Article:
Lakers Steve Nash heard the cheers at Staples Center, and he appreciated it

By Vincent Bonsignore

Steve Nash checked into the Lakers game against the Washington Wizards on Friday with 3:26 remaining in the first quarter.

Nash, whose time in Los Angeles has been marked by how much he hasn’t played rather than how much he has, was making his first appearance in more than five weeks and playing in just his 11th game of the season.

There were nerves and uncertainty and admittedly, even Nash wasn’t sure what to expect after another long layoff and with his 40-year-old body still wobbly from back and hamstring injuries.

But for one moment, ambiguity was replaced by reassurance with the approving roar of the Staples Center crowd upon Nash’s name being announced.

The future Hall of Famer point guard heard the cheers.

And he appreciated it.

“My time in Los Angeles, as disappointing as it’s been, from a personal standpoint, it’s been unbelievably cool as far as the people have responded to me,” Nash said afterward. “The negative voices have always been the loudest. But the people in streets and public have been unbelievable. For the fans to give that type of reception means a lot to me.”

Nash went on to play 19 minutes in the Lakers loss to the Wizards, finishing with a season-high 11 assists and five points. He left with just over two minutes remaining when his body began acting up, saying later he thinks he caught the issue before it became a long-term issue.

He didn’t practice on Saturday, going through treatment instead. The plan is to try to get him loose Sunday morning and hope he’ll be able to play against the Magic.

Other than the hiccup in the closing minutes, the night was a success.

The loud cheers from Lakers fans setting a proper tone.

“Regardless of the reception, just to run up and down the Staples Center court, with these guys in front of these fans. It’s so priceless for me,” Nash said. “To get an ovation like that, that’s way more than I could ask for.”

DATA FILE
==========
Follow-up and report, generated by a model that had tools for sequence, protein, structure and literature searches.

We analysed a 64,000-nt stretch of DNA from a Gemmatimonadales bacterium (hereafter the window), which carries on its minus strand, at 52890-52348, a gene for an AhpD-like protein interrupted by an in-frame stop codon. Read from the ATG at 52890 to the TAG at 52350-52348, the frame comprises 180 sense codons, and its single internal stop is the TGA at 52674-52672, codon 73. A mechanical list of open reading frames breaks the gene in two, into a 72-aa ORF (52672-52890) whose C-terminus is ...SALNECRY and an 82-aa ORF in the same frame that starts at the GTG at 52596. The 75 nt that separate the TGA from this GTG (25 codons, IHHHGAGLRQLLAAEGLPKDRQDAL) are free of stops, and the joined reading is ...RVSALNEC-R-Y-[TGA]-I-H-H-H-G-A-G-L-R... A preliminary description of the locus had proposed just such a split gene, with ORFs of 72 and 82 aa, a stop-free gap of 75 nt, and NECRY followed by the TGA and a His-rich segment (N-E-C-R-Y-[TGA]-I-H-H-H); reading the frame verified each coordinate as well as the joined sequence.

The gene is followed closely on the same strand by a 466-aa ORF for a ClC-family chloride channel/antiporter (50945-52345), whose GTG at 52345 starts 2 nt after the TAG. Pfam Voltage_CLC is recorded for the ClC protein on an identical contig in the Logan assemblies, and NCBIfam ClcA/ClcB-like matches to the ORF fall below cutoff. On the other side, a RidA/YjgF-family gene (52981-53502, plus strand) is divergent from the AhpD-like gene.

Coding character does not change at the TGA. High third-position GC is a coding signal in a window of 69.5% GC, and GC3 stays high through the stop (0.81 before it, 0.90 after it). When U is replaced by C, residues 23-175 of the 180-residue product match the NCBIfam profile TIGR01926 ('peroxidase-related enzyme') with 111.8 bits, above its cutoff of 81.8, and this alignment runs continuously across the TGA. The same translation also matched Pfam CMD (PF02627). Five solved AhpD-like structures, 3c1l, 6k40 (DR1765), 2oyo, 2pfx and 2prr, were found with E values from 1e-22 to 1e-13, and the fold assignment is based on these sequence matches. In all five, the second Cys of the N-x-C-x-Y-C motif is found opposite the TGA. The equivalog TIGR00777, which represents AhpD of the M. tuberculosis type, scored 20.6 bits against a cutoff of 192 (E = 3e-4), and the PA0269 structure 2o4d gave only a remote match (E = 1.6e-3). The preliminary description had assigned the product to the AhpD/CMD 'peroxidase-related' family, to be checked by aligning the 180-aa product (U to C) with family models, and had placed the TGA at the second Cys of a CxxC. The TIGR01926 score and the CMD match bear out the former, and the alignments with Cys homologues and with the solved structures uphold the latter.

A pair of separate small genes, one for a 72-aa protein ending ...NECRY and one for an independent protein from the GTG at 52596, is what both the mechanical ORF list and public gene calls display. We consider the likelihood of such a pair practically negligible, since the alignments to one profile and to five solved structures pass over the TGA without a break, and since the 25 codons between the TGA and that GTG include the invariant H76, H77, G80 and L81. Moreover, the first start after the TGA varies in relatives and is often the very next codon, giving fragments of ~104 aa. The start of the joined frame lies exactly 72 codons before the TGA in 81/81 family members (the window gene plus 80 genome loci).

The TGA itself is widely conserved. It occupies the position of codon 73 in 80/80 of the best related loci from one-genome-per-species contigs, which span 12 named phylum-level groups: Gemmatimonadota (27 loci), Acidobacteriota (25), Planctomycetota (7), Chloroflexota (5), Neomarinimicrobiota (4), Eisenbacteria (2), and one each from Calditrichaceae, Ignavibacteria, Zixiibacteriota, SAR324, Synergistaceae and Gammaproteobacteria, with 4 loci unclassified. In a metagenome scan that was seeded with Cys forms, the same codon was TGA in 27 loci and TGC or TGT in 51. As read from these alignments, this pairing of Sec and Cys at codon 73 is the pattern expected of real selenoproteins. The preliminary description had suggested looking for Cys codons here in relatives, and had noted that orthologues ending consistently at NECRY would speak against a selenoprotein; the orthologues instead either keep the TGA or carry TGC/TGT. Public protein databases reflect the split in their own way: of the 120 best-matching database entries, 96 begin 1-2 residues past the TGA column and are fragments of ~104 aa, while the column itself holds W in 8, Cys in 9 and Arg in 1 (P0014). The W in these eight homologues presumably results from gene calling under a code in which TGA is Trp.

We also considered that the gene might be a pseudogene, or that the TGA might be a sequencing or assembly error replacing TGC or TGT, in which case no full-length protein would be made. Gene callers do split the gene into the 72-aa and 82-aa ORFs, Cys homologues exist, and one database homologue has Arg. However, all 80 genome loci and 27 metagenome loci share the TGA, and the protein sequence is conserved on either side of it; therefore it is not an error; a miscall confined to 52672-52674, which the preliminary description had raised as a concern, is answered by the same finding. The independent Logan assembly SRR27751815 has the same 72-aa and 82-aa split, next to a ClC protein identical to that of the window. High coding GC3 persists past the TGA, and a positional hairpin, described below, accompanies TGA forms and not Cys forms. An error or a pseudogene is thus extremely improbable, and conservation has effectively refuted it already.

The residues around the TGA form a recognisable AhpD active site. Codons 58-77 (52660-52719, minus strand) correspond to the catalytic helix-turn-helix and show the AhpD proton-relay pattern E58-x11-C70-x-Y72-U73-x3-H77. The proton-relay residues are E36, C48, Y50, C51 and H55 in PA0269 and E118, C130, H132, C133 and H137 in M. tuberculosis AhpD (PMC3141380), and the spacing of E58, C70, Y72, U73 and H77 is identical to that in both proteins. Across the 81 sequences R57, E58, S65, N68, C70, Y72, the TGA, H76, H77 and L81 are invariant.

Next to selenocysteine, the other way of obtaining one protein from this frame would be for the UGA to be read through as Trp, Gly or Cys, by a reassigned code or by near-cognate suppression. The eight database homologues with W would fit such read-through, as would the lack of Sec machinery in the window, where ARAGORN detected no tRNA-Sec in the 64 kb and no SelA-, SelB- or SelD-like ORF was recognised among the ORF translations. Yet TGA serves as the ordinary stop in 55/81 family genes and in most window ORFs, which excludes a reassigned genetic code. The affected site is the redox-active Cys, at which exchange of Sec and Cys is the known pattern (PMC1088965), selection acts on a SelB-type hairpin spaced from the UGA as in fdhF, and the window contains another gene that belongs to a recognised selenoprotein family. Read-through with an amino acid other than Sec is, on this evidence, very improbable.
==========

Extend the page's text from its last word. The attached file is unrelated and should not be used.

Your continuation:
The key now is how well Nash holds up over the final 14 games of the season, the outcome playing a significant role in his to-do list this summer.

Ideally Nash will spend the offseason preparing for the 2014-15 season, in which he’ll make $9.7 million in the final year of a three-year contract.

But that remains to be seen, the twinge he felt over the final minutes on Friday proof his long-term playing future in uncertain.

“For me, I don’t know what physically I have,” Nash said. “I know I can play at a good level when I’m moving well. But how long I can sustain that movement is interesting. I tweaked it and came out at the end of the game. I don’t think it’s a big deal. I think I can play Sunday, if not the next game.

“I don’t know. I want to fight every bit. These last (14) games will give me an indication of what I need to do this summer.”

For most of one night, anyway, Nash was able to get up and down a basketball court fairly normally.

And he was able to contribute.

In that respect, he reaffirmed all the work he put in to come back – if only for a handful of games in a lost season.

“Is it worth it?’ he wondered.  “It is, just to feel good an make a play for your teammates and put pressure on the other team and move freely. It’s why I love this game and I have kept fighting and trying to work and get an opportunity.”

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